KPF has received unanimous approval from the Vancouver City Council for 601 West Pender Street. Situated adjacent to Vancouver’s historic Rogers Building and sensitive in both scale and materiality, 601 West Pender Street interweaves elements of nature with architecture to create an urban oasis within the city.
The new building replaces a six-story parking structure in Vancouver’s Central Business District with a retail base covered by a planted pedestrian canopy, an enhanced Alley Oop laneway, 29 floors of state-of-the-art workspace, and crown amenities with panoramic views of the city.
601 West Pender Street’s gridded façade complements the surrounding heritage buildings, unifying the architecture of the block. A fold is introduced to the building’s grid frame to achieve a woven appearance that plays with light to create depth. A warm metal in two finishes – textured and flat – adds unexpected color and reflectivity, and counteracts the typically overcast local climate. Two major contextual datums found in the cornice of the neighboring Rogers Building, a Vancouver Heritage Foundation site, and the soffit of a nearby building continue across the new building as canopies and setbacks.
“We felt the best way to complete this block of heritage buildings was to create a building that was at once modern and timeless and accentuates its context with scale and color – while bringing nature into the urban fabric,” commented Marianne Kwok, KPF Design Director.
The landscape borrows from the elegant form of the building, with the façade’s angles superimposed on various landscape elements. These elements are incorporated throughout the base, activating the streetscape, with additional landscaping added to the architectural canopy, ensuring greenery is experienced three-dimensionally.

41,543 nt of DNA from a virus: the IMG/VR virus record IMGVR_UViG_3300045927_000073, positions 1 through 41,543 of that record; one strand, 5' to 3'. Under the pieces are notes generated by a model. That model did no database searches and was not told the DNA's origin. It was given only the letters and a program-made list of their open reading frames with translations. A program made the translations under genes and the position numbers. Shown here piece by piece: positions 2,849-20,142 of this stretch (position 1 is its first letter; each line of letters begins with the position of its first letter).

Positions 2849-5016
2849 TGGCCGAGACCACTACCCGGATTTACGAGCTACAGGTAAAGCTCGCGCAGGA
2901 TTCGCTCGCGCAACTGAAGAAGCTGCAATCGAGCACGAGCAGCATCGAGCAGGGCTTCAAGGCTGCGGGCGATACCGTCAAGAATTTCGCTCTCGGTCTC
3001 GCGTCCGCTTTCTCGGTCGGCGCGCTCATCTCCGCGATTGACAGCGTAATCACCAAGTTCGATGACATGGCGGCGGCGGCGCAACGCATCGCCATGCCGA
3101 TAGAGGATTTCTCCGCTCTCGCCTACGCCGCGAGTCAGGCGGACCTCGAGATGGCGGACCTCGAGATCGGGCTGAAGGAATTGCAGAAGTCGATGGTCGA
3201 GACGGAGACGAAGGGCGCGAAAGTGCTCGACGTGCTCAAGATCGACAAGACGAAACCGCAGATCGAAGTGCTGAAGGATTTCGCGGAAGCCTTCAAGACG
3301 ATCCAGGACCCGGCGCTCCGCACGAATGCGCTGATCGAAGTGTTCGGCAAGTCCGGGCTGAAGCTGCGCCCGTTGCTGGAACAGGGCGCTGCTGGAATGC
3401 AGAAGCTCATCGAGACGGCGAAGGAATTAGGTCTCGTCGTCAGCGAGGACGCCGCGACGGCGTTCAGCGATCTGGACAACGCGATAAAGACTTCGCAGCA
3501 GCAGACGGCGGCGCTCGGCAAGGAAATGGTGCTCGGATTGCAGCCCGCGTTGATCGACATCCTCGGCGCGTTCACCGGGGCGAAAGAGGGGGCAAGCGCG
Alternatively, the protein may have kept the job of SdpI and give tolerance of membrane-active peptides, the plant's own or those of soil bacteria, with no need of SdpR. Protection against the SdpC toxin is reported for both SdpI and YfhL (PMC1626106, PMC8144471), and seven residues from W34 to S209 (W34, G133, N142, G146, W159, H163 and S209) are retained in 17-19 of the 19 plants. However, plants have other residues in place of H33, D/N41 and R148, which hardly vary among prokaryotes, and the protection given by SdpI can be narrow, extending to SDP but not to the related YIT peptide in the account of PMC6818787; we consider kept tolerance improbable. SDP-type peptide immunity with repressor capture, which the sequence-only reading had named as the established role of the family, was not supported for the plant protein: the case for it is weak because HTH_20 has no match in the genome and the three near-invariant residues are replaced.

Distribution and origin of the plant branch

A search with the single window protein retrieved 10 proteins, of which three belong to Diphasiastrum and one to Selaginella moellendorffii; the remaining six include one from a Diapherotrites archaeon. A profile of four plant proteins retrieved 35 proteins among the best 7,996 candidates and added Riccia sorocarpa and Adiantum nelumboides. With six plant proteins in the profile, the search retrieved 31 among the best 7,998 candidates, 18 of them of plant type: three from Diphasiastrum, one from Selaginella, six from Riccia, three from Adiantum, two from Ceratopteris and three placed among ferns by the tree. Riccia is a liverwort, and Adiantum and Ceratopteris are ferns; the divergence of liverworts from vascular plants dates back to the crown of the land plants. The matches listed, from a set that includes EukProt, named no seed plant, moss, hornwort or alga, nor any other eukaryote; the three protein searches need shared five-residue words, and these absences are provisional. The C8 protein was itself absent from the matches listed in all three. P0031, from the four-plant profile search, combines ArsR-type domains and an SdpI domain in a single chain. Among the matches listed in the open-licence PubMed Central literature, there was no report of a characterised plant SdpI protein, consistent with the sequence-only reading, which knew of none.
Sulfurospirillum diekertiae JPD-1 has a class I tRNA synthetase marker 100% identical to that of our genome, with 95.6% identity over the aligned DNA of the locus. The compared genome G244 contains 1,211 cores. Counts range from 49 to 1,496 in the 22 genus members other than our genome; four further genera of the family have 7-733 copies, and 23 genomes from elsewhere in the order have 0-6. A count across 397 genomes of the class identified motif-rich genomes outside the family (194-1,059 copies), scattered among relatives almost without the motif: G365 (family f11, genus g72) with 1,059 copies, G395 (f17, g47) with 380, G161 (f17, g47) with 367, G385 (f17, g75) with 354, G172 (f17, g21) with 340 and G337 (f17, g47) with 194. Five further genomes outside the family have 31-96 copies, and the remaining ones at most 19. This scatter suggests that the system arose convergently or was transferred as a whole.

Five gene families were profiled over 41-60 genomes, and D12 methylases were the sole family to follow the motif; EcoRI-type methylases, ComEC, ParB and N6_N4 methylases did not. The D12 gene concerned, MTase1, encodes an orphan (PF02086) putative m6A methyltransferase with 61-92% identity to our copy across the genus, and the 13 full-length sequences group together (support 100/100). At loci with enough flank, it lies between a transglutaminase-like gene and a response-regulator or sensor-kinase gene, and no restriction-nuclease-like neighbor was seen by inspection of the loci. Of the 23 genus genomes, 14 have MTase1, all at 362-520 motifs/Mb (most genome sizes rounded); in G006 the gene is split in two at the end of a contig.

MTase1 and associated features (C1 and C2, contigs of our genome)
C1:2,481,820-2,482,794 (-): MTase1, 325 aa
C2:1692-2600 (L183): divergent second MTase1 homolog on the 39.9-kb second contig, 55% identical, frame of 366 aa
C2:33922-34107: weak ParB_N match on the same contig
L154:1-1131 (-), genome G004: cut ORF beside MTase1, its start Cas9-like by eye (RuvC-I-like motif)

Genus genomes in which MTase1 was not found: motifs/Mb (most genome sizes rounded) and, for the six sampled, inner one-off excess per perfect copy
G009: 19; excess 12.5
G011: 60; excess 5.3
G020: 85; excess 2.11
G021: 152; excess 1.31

While the glass in the main tower is flat, at the top and bottom the façade folds inwards to create pockets of green space, a wider public realm at the base, and views into retail and amenity spaces. The redevelopment will reestablish the pink motif on the tower’s lower level walls facing the Alley Oop laneway, and will consider incorporating a retractable roof scrim as well as new lighting to enhance its sense of place. Additionally, the building’s loading dock will be painted in bright colors and can be used as an event space during off-hours, extending the laneway’s public space. Altogether, the building brings an interplay of light, reflection, and nature to the Vancouver skyline, while reinvigorating and enhancing public space at the ground plane.
The project is slated for completion in 2025. Chris Dikeakos Architects is serving as Architect of Record and Enns Gauthier is Landscape Architect.
Images: Courtesy of Lemons Bucket for KPF